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I was initially going to cycle alone but supported, we are now traveling unsupported but i have already purchased my bike for training earlier in the year etc so am now faced with prospect of a small trailer on the back of my trusty Roubaix hoping this will be ok. (any advise as not the norm i know)We met folks who were doing OK with similar bikes and trailers when we were on the Trans America. You might consider going with wider tires than came on the Robaix. I would go with lower gearing as well. Beefier wheels might be a good idea, too but then you are getting to the point where maybe a different bike might be the answer. If you stick with the Robaix use at least 25mm tires (28mm if they fit). Also in my opinion at least, low gearing can't be stressed enough. I found a 26/32 granny gear just barely adequate in the Appalachians and fine in the Rockies. Also keep the load light especially with a bike like the Robaix.
May, June July - Assuming these these months suitable?
West to East - Westerly wind (how important and factor that time of year)
I think we will start further up the coast. Seeing the west coast is not old hat to us. I have wanted to get out there for sometime now. When i think about it i havent been past ohio. We live in maryland.You won't regret it. The coast is beautiful and good riding. We flew in to Portland and got a one way car rental (medium sized SUV reserved from Enterprise $143.69 in 2007) to Newport and started the ride there. It worked out well for the three of us.
I don't know what the laws are in New Mexico, but I've ridden on I-40 and other interstates there with no problems.I greatly enjoyed riding I-25 in New Mexico. On my KC to Santa Fe tour in the New Mexico portion I rode from Springer to Santa Fe on I-25 (part of it on the frontage road) and found both the frontage road and the interstate to be very pleasant riding. It was all posted as legal for bicycles.
I believe the Windsor Tourist above comes from BikesDirect, doesn't it?Yes. Some of their marketing leaves a bad taste, but I was involved in four very satisfactory bike purchases from them. These included three Windsor Tourists, one for each of my group on the TA, and later a road bike (SprinTour) for me. All of them were ordered by me and shipped to my house. The only glitch was that one of them came in the wrong color. They were happy to swap it for the correct one with the shipping being at their expense. It is a little weird that they do all their transactions and correspondence either by web or email and don't take phone calls, but they have been very responsive to all emails I have sent them. After 4 very satisfactory purchases I would not hesitate to deal with them again.
Thanks for all the advice and encouragement! I've decided to do the Southern Tier. Not quite as appealing as TransAmerica to me, but I think I'll still love it. I think the Southern Tier will be much more enjoyable at this time of year.A good choice given when you are going. Have a great trip.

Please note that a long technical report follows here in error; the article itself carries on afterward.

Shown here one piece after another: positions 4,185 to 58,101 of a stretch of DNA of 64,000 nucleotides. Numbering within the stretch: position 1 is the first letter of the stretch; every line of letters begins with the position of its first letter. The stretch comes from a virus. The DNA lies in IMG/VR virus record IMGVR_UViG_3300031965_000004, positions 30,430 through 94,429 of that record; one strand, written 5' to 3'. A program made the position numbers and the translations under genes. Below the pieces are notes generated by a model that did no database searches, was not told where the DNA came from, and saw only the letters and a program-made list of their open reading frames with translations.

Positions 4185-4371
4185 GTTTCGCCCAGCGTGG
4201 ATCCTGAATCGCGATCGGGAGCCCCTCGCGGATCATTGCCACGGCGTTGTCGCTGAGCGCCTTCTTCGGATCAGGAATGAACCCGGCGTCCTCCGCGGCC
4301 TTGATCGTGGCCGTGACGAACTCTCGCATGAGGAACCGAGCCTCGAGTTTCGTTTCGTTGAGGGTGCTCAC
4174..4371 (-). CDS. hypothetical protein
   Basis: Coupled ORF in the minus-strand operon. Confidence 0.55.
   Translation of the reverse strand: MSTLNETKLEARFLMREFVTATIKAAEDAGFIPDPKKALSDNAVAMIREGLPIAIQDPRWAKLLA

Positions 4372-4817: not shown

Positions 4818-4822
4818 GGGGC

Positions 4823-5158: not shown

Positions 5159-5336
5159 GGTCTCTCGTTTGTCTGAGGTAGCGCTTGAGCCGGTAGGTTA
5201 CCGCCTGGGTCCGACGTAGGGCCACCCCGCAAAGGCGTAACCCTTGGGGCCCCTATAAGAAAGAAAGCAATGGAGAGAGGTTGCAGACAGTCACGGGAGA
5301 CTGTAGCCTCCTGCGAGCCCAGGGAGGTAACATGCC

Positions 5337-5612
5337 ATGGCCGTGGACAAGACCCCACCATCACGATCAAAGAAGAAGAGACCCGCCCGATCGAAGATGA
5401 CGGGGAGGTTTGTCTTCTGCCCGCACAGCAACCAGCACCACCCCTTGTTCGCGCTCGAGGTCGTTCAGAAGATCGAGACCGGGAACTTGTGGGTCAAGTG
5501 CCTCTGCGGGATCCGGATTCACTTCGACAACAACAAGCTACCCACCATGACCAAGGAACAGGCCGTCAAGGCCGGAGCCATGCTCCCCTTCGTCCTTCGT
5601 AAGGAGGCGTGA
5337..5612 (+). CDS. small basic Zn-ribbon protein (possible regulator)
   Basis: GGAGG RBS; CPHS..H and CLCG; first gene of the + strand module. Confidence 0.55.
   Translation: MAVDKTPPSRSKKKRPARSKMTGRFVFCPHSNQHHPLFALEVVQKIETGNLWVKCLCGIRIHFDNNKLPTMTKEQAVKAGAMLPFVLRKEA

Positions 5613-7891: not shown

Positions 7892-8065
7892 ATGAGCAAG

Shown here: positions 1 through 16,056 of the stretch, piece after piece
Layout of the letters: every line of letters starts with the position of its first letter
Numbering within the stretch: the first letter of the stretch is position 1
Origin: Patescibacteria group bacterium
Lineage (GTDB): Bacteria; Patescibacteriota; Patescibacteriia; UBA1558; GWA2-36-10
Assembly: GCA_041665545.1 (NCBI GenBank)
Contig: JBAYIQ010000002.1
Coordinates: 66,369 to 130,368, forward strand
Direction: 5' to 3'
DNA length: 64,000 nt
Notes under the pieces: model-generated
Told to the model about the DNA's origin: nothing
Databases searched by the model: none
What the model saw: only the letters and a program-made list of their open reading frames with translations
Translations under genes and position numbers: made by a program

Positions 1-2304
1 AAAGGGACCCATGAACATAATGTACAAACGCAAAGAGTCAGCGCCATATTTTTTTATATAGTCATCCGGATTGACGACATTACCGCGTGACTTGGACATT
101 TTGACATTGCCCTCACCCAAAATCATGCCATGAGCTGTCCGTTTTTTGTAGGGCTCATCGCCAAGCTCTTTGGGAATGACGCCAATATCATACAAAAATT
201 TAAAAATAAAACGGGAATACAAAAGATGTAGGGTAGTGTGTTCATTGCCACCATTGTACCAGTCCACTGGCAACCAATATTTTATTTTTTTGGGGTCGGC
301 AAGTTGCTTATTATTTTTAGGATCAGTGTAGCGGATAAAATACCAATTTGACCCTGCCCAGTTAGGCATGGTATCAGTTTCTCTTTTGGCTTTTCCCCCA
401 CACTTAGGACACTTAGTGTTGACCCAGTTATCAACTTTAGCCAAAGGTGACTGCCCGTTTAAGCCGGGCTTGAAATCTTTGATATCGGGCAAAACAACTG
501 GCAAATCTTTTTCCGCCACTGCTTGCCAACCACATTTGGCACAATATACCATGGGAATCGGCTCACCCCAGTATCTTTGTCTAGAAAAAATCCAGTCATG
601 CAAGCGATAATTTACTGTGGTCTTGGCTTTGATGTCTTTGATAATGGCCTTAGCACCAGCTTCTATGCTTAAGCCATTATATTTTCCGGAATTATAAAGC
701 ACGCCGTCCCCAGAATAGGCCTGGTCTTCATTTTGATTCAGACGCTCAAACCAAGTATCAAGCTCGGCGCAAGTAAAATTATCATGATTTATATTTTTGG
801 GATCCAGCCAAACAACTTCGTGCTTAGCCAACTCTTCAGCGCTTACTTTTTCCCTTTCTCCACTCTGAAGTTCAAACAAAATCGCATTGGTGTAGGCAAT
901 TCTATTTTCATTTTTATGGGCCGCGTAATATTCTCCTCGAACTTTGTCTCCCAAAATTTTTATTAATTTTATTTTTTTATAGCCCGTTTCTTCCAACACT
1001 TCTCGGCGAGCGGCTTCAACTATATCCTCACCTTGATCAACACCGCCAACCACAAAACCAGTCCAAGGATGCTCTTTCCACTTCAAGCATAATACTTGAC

I hear you, Steaph. We are experienced touring with doggie, but the amount of climbing on this route is giving me pause (paws?). Our style of touring means doggie walks up any hill/grade of significance, and we scale back our mileage when the grades get big.
Thanks Fred - I'm new to this. I'm going to use one of the organized/supported ride companies and they seem to take either the northerly route (in early summer) or the southerly route (in fall). Because of work, time is an issue for me, so think I currently favor the southern route, which TrekTravel does in 4o days. Was hoping that someone may have done both and had comments or a preference to offer.Just a few thoughts...
We would agree to go our own speed and meet at the PO in the next town.I am not sure why you would tour with someone unless you were going to ride with them. Care to elaborate on the advantages? Do you just camp the same place with them? Share cooking? Something else?
About the only advice you can rely on is to pick your companions VERY carefully. Even otherwise lifelong friends can be very incompatible after days or weeks of close confinement with each other.I agree that it can be tough. We met lots of folks on the TA who had split off after not getting along.
In the meantime, have begun reading the GPS forum. OMG. Daunting.I found the GPS to be more weight and hassle than it is worth to me on tour, at least when using AC maps. That is kind of strange because I never run without a gps and I usually use one when hiking, kayaking, or sailing. I figured it was a no brainer that I would like it for touring as well, but sent it home after 4 days on the Trans America. With the AC maps I just didn't feel the need for the GPS.